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Let's talk about Street Fighter 5

Wes and Martin weigh in on the beta ahead of its global test.

Street Fighter 5's big global beta is going live tonight and - if all goes well, unlike last time out - it'll be playable throughout the bank holiday weekend. Two of team Eurogamer got on the regional beta test last week, and met up earlier this week to talk through what they played. So, without further ado and thanks to a slick copy and paste from our chat logs, here's Street Fighter pro Wesley Yin-Poole and Street Fighter idiot Martin Robinson to guide you through their thoughts.

Martin: Hello! From now on this is all going on the internet.

Wesley: Hello! I'll try my best not to say something stupid then.

Martin: I might even copy and paste some of the other stuff from our chat logs. So let' s say goodbye to our jobs now

Wesley: No don't do that. Ever.

Martin: Too late. Done. But after everyone's gone through all that incriminating stuff, let's talk STREEEEEEET FIGHTER FIVE!

Wesley: Street Fighter V you mean. The V is very important.

Martin: Oh sorry, Street Fighter V. You're right. There is actually a very long discussion we had about what the right styling is - we don't typically do roman numerals on Eurogamer. But Street Fighter V is an exception. Is it V for victory?

Wesley: It's V for Very Important Game. No it's V for V-Gauge. Did you use it much?

Martin: I did. Before we go into specifics, I think it's worth pointing out something more general - Street Fighter V feels very, very different.

Wesley: Maybe that's what the V stands for.

Martin: Ha, indeed. I hadn't played it before - the beta, when it got up and running was my first experience.

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Wesley: What was your first impression?

Martin: Surprise! After the reveal I thought it looked a bit too similar to 4. But it feels very, very different to play. The difference between 5 and 4 feels as pronounced as the difference between 3 and 4.

Wesley: As with most Street Fighter games, to the casual observer they all look and feel pretty similar. Ryu looks the same, a fireball is the same input command. I thought that about Street Fighter 5 at first, but when you dig into it you notice all the differences.

 Martin: The differences between characters feels much more pronounced, as well. Which is where the V-Trigger comes in - rather than sharing a trick, everyone's got their own.

Wesley: When I first played Street Fighter 5 I thought it was slow, but they've either sped it up since before Gamescom, or I was just wrong.

Martin: Yeah, you played it a while back, right?

Wesley: Yeah. I first played it before E3. But the recent beta felt a lot faster to me. Certainly the rounds end quicker, and that has a lot to do with the increased damage, I think. You do a hell of a lot of damage in Street Fighter 5, so the rounds can end in the blink of an eye.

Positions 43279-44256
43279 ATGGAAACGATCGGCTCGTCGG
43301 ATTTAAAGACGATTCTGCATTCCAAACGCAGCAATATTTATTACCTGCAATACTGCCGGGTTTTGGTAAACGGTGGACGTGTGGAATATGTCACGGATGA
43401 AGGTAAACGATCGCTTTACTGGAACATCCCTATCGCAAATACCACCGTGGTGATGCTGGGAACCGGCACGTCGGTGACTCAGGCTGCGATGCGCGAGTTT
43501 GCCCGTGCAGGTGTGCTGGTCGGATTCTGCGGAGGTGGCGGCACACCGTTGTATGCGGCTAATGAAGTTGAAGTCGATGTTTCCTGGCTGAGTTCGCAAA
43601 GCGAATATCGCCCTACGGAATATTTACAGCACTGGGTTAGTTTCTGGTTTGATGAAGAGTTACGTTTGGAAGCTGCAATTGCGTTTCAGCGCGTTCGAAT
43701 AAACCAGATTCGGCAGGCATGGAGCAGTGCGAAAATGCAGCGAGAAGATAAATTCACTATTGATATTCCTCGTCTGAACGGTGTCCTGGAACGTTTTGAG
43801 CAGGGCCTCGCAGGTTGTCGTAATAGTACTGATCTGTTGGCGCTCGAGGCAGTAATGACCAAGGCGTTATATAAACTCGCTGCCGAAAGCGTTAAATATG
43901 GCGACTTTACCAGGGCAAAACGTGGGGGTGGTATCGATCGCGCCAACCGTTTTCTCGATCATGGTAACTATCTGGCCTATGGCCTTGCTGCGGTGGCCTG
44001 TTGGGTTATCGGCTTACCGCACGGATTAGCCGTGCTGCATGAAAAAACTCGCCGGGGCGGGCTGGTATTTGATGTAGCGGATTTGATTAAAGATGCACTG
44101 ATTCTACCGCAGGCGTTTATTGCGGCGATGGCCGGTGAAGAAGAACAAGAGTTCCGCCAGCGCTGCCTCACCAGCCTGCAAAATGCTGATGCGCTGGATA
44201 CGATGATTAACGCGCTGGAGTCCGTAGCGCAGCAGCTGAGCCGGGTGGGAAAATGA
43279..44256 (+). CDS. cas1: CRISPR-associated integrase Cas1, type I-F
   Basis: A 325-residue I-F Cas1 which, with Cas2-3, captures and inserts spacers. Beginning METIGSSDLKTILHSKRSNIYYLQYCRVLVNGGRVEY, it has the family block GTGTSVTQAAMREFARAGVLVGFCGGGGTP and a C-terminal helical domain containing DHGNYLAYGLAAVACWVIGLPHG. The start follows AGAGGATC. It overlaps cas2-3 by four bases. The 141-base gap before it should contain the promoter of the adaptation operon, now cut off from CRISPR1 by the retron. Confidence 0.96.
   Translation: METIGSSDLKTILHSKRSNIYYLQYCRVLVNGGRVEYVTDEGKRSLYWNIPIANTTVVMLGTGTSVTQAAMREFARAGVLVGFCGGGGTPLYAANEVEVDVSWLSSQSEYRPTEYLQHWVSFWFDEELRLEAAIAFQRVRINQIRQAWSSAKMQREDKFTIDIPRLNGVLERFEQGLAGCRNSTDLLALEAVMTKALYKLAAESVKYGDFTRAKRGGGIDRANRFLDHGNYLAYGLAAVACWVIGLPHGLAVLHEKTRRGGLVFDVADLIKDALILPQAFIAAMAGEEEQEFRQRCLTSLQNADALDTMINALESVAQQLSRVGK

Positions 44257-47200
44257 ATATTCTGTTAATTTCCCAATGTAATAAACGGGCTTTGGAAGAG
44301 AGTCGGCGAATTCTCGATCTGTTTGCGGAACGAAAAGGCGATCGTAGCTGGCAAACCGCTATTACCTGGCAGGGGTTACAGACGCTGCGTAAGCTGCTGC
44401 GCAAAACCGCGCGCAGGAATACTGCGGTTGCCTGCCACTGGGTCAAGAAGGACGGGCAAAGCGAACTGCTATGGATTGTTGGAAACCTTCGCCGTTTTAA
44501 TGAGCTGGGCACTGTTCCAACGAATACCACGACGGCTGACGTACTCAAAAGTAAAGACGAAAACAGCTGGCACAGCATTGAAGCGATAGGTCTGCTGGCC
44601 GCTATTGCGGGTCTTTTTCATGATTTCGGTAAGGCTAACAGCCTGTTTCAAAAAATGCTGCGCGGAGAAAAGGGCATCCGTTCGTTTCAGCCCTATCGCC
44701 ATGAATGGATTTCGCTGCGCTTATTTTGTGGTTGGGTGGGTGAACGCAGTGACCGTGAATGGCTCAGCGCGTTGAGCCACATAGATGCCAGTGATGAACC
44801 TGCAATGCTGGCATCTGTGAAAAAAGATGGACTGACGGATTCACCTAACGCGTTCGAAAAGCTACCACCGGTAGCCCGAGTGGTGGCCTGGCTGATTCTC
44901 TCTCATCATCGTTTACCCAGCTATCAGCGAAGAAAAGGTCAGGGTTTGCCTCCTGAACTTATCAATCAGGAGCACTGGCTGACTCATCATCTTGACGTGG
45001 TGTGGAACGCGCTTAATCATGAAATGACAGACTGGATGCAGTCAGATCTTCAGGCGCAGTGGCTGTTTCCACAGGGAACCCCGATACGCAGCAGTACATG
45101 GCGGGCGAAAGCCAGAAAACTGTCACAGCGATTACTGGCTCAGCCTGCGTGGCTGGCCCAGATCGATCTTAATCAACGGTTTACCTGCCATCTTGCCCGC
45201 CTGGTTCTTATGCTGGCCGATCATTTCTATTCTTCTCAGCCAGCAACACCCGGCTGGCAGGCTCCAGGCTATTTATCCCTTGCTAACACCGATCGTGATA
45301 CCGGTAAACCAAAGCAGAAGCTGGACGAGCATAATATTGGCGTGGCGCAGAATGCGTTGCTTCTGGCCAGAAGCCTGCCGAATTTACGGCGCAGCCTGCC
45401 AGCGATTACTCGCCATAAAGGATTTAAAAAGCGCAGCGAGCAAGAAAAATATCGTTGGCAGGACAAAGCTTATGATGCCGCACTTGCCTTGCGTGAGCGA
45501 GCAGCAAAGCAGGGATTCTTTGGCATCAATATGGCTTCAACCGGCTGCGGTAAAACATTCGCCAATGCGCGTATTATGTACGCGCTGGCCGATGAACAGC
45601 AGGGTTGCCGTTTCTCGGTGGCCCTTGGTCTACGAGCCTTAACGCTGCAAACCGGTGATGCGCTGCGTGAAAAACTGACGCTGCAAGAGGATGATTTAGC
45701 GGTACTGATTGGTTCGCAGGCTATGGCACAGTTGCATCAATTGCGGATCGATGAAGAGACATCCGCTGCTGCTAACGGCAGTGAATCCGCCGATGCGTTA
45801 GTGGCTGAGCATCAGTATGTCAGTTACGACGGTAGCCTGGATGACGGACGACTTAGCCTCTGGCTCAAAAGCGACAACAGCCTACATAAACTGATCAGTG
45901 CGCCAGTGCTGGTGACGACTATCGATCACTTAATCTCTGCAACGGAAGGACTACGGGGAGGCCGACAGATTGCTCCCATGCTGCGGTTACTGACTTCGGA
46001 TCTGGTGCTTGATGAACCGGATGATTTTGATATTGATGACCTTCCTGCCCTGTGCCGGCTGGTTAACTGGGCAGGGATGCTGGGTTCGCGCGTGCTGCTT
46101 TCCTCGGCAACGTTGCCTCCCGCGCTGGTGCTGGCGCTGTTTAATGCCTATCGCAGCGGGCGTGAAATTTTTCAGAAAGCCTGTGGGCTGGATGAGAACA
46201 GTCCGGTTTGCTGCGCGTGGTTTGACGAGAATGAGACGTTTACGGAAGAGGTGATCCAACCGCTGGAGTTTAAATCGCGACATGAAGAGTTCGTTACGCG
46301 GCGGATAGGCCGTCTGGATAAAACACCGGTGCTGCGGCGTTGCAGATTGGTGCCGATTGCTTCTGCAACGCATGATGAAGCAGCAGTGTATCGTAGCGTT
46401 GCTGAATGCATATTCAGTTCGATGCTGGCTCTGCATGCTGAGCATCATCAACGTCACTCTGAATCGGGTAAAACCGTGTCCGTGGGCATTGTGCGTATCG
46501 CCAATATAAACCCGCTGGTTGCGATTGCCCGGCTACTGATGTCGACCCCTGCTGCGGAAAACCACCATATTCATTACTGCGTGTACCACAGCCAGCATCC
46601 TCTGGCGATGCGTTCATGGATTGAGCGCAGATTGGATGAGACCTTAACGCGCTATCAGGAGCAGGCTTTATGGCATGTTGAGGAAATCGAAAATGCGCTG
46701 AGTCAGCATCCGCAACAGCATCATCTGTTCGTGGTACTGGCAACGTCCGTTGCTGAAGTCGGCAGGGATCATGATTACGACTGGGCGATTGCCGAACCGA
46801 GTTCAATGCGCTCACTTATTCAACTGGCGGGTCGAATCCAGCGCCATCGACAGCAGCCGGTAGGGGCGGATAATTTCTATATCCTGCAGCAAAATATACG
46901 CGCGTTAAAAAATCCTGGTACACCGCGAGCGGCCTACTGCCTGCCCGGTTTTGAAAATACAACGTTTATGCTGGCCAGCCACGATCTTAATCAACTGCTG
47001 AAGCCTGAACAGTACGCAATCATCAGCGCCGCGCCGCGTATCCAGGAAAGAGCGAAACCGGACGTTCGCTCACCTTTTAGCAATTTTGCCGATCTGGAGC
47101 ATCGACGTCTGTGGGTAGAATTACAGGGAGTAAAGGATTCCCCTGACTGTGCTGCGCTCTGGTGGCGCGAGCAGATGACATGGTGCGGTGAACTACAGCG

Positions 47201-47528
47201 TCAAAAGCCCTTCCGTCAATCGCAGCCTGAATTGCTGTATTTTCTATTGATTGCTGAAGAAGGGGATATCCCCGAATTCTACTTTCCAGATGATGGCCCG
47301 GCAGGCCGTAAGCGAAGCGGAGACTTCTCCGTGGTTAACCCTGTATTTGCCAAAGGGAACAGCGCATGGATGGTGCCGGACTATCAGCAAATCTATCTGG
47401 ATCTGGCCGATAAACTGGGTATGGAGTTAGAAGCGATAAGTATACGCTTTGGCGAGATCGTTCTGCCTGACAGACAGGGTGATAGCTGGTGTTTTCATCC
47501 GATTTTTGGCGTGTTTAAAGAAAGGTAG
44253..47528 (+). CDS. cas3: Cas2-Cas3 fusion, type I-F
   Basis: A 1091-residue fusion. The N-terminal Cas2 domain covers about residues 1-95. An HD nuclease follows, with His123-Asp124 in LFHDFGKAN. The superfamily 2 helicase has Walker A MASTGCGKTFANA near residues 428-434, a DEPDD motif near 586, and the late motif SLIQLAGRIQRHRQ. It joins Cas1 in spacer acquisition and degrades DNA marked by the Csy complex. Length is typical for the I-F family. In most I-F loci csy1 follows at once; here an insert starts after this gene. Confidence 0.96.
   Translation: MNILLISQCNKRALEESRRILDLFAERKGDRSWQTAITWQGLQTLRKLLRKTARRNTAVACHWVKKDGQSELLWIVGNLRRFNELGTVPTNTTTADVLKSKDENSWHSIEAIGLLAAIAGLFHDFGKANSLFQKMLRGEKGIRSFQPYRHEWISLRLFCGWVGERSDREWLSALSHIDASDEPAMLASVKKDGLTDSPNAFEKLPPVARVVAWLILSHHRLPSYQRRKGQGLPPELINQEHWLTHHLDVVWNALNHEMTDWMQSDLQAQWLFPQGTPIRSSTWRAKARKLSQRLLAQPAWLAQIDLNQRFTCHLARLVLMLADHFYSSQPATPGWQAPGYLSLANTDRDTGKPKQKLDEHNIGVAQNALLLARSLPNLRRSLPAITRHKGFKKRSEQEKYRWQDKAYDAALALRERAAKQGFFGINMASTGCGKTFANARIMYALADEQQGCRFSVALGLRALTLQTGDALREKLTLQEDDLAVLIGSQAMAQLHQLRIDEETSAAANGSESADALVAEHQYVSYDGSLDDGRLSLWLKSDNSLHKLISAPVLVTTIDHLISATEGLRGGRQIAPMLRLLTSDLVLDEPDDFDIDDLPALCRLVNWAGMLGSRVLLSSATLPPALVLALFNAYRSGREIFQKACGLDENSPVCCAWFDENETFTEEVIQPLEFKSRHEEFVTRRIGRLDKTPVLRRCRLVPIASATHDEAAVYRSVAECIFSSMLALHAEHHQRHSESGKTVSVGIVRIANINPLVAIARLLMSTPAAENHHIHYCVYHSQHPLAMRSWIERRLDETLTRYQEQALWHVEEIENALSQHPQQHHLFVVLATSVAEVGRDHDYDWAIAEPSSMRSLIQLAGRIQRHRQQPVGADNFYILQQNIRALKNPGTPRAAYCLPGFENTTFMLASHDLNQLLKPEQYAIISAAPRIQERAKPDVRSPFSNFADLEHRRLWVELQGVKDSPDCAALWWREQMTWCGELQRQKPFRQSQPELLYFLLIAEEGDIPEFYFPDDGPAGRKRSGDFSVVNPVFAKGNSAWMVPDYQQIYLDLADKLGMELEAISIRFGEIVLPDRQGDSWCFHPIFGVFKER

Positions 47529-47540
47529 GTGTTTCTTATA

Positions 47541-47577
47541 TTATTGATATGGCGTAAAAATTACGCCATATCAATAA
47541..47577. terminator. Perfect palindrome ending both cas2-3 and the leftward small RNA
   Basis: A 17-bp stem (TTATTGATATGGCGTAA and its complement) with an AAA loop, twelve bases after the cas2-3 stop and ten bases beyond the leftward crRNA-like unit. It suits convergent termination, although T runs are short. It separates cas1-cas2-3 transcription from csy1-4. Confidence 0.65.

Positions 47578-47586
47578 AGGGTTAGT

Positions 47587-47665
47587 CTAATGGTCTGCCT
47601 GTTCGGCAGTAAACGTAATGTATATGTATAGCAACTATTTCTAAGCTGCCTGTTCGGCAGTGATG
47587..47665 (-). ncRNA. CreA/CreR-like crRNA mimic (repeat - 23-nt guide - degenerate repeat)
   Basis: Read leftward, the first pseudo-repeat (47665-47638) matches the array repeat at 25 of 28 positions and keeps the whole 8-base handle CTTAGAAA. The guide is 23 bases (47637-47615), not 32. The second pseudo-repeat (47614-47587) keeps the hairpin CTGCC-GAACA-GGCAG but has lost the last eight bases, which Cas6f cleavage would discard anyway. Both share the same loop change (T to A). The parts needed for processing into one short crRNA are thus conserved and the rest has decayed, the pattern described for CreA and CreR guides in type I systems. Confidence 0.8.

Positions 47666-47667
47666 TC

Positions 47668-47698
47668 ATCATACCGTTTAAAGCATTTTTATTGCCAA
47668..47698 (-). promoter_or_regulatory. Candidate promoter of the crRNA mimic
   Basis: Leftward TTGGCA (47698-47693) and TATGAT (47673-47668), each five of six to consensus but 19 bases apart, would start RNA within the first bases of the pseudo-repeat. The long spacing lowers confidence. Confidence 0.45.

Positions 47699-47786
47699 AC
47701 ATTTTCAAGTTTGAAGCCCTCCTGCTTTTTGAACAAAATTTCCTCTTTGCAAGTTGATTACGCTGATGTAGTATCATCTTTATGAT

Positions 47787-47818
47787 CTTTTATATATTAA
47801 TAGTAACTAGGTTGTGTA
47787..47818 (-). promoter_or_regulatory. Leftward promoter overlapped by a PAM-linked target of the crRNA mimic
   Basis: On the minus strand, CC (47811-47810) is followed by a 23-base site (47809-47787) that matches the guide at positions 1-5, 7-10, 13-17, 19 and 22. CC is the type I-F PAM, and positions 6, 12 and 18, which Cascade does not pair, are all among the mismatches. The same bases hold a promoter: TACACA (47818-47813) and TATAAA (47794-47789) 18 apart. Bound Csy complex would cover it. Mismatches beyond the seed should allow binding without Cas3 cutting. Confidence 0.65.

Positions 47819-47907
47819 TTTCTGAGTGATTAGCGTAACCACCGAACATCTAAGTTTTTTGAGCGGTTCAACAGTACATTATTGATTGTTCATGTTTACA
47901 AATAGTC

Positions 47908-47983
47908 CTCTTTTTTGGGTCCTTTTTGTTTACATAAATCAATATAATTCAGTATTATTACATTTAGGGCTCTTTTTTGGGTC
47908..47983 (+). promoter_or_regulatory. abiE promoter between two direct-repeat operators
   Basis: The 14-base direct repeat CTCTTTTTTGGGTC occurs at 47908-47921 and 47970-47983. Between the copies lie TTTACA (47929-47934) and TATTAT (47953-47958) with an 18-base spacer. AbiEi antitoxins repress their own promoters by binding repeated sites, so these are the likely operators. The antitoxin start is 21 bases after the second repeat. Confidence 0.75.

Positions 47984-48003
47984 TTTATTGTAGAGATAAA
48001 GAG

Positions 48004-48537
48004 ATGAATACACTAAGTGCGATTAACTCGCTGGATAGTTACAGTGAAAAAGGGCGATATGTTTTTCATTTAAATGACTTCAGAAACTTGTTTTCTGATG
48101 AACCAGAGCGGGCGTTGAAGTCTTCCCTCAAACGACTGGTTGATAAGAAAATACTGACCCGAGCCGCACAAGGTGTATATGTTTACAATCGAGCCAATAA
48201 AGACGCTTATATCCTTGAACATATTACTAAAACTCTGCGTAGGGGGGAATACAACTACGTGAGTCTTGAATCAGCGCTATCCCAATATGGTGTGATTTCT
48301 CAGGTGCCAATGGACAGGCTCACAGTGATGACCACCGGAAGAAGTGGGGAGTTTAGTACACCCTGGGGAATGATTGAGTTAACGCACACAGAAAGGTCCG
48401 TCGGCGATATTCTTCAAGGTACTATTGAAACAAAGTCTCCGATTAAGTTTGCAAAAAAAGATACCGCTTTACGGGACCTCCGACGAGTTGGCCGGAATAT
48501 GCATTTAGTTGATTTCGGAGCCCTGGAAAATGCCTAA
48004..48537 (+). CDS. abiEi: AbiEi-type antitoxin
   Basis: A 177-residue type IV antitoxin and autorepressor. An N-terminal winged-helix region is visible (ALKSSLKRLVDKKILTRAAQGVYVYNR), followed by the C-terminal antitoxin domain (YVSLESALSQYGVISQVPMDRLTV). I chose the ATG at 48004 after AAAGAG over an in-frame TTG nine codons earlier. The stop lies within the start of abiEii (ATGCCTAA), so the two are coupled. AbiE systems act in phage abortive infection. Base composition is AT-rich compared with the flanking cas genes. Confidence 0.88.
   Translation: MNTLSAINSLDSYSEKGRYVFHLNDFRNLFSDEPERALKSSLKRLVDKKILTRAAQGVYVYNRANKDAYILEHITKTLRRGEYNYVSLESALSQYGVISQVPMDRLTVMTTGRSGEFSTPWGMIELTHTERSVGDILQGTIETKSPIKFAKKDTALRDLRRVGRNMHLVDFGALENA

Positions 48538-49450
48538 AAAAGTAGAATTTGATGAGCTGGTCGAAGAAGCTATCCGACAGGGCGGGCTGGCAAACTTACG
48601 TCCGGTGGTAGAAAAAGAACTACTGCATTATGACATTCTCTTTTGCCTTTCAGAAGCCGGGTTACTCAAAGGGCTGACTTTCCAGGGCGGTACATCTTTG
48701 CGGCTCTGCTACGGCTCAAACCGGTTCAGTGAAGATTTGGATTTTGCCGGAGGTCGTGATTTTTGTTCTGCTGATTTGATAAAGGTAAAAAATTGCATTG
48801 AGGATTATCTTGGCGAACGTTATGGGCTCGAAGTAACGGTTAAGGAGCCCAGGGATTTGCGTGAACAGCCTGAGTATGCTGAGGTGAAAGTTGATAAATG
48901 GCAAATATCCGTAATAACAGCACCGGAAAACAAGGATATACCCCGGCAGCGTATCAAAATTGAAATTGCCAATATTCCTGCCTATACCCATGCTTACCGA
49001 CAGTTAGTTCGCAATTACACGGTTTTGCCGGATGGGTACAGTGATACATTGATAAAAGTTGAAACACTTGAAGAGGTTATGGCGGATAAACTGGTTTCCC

Martin: It feels more brutal. As time was limited with it, I'm not sure how much of that is systemic, and how much of it is just how much chunkier it looks, and the improved animations. It still feels relatively slow, too - I'd be fascinated to see how the older build compares. A lot of people have been saying this from the start, but I get big Street Fighter 3 vibes off it. That's a very good thing, in my book. The slower pace, and the fact it's a lot more brutal, play to that.

Wesley: And there are elements of the Alpha series.

Martin: I didn't play Alpha so much. How does the V system compare?

Wesley: You can spend one bar of your V-Gauge to do a V-Reversal. You push forward and either all three punches or kicks while blocking. It's great for getting out of the corner, for example. I found myself not using it so much though, because my muscle memory is still stuck with Street Fighter 4. It's similar to the Alpha Counter from the Alpha series.

Martin: I went back to Street Fighter 4 and it was eye-opening. Also I was shite. It's amazing how quickly you can become accustomed to a new game. Birdie's another tie to Alpha. He was always a bit rubbish in that though, right? I remember he looked cool, but no-one ever really played with him. This time, he can kill you with snot.

It's Laaaaaaaaaandoooooooooooon.

Wesley: He was never top tier, but he's a hell of a lot of fun in Street Fighter 5. And his normals are devastating. He's got an amazing and easy anti-air, and his standing hard punch and standing hard kick are devastating. I like him! His design is brilliant, too.

Martin: God, your level of engagement is so much deeper than mine. I'm mostly 'it has more graphics and the punches are better'. Also I like it when Birdie uses you like a skipping rope. There, that's some hardcore analysis.

Wesley: Ha! Well I agree. His Critical Art is the best in the game so far. It's so humiliating. If you K.O. with it, you leave your opponent in a mini crater with their legs poking in the air.

Martin: There seems to be more of that incidental detail in V. I never got the noodles on my head.... Or anyone else's, for that matter.

Wesley: I never got the noodles on my head, but I was kicked into the bus more than a few times. They just drive off with you inside. The ultimate insult.

Martin: Cripes. Do you have to swipe your Oyster too?

Wesley: Birdie never swipes. He does flick his snot at you though. Which is the best idle animation in a fighting game ever.

Martin: I still love Dudley's rose! Speaking of animation - AND SPEAKING OF SUPER-SMOOTH SEGUES - there's so much more flow in Street Fighter 5. Going back to 4, it seemed quite stilted.

Wesley: Yeah. It's interesting Capcom moved to Unreal Engine 4 for Street Fighter 5.

Martin: Some of Chun-Li's combos just run together like silk. A lot of Japanese devs are going with UE4. It's working well, I think.

Wesley: Certainly there are a lot more visual effects now.

Martin: It still looks like a Capcom game, which is important.

Wesley: The sparks when you hit the neon lights in the Hong Kong stage are cool.

Martin: I *love* the London stage too. Although apparently some of those trains advertised might be fictional. The Royal Guardsmen that just stand about King's Cross concourse playing trumpets are real though.

Wesley: They go to Dover and Portsmouth, don't they?

Martin: Is there a train from King's Cross to Dover? This is the real burning question from the beta.

Wesley: This warrants an investigation. It's definitely supposed to be Kings Cross then?

Martin: I think so. I don't know why I think so. Also there is a train from King's Cross to Dover Priory, so ignore me.